Another Kenyan milestone was the government’s 2010 completion of The East African Marine System (TEAMS) undersea fibre optic cable project. TEAMS increased East African broadband and led to the establishment of Kenya’s Information and Communication Technology (ICT) Authority. As a result of this initiative, Kenya now boasts of having one of the world’s fastest mobile internet speeds.
As of early 2021, “Silicon Savannah” is home to a tech industry worth roughly USD 1 billion, with over 200 startups, as well as established firms like IBM, Intel, and Microsoft (Wired Magazine).
They are working to solve local problems through tech applications. The company BRCK, for instance, is connecting off-the-grid schools to the internet through solar-powered routers and tablets. AB3D turns electronic waste into affordable 3D printers that produce artificial limbs (Interesting Engineering).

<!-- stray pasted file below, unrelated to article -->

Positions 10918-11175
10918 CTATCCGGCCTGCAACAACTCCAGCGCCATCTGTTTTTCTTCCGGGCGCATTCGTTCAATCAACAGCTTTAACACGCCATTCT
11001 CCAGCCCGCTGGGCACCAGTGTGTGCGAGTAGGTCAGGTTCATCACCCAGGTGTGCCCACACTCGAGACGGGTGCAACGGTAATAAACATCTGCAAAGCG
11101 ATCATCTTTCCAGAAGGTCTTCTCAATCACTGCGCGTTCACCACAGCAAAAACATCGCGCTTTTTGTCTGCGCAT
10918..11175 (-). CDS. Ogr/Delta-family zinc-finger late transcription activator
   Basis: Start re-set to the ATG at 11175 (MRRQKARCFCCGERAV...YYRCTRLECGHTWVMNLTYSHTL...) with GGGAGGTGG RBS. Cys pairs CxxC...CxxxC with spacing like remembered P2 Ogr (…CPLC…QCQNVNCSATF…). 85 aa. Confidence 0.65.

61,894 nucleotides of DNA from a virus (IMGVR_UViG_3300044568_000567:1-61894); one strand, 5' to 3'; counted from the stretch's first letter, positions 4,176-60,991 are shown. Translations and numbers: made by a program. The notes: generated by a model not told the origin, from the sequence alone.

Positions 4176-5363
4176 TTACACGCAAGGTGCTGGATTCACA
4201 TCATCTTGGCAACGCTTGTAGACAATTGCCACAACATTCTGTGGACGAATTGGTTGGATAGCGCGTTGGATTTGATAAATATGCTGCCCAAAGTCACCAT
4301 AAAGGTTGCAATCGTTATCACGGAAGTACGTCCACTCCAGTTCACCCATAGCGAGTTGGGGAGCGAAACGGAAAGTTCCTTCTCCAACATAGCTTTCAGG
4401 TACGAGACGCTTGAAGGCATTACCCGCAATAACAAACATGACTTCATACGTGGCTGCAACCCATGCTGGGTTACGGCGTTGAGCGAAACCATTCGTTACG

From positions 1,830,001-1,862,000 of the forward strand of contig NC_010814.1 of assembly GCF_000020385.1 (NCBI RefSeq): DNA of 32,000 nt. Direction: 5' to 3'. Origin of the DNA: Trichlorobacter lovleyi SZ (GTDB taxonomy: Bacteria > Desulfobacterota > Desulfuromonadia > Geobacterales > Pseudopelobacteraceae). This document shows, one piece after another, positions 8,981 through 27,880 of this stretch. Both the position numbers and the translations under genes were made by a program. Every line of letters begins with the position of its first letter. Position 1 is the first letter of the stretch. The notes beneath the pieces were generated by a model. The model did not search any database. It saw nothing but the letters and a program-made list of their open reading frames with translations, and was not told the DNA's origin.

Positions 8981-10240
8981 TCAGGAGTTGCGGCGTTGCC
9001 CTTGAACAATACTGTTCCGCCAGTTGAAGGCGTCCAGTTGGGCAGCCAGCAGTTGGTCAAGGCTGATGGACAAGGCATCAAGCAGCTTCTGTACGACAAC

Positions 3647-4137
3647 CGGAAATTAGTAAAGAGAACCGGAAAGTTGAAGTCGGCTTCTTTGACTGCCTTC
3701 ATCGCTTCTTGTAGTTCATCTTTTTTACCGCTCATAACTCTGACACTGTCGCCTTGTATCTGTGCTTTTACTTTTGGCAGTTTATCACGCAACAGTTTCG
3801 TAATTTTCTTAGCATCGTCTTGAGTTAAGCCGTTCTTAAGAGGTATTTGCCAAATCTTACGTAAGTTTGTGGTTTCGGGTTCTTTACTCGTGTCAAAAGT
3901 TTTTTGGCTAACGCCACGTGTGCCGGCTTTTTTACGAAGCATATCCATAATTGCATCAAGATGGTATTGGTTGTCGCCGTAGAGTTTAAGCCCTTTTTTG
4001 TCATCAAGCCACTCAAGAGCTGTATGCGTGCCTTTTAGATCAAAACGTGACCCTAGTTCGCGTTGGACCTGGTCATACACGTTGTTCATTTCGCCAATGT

However, if Kenya’s key decision-makers have their way, the epicenter of Silicon Savannah would be the Konza Technopolis, a proposed “smart city.” This new city will span 5000 acres and is in the early stages of construction 40 miles south of Nairobi. The long-term aim is to attract companies involved in Business Process Outsourcing; Software Development; Data Centres, Disaster Recovery Centres, Call Centres, and Light Assembly Manufacturing industries.
There are also plans to build a university campus focused on Research and Technology, as well as hotels, residential areas, schools, and hospitals. It is also intended to include a science park, a convention centre, shopping malls, hotels, international schools, and a health facility. Konza Technopolis is projected to cost USD 14.5 billion and should be completed in the early 2030s (BBC News).
As impressive as Kenya’s Silicon Savannah is, it is only one facet (albeit a large one) of Africa’s continued emergence as a global technology hub. Increasingly, Nigeria is also becoming a key destination for big tech investment and commercially oriented start-ups (World Economic Forum).
As to be expected, investors and entrepreneurs are attracted by the prospect of scaling applications to Africa’s largest population and economy. Many such investors and entrepreneurs have established a presence in Lagos’s Yaba district. Located there is the headquarters for the e-commerce start-up Africa Internet Group and digital payments venture Pagar, which are not too far from the incubators Andela and Co-Creation Hub.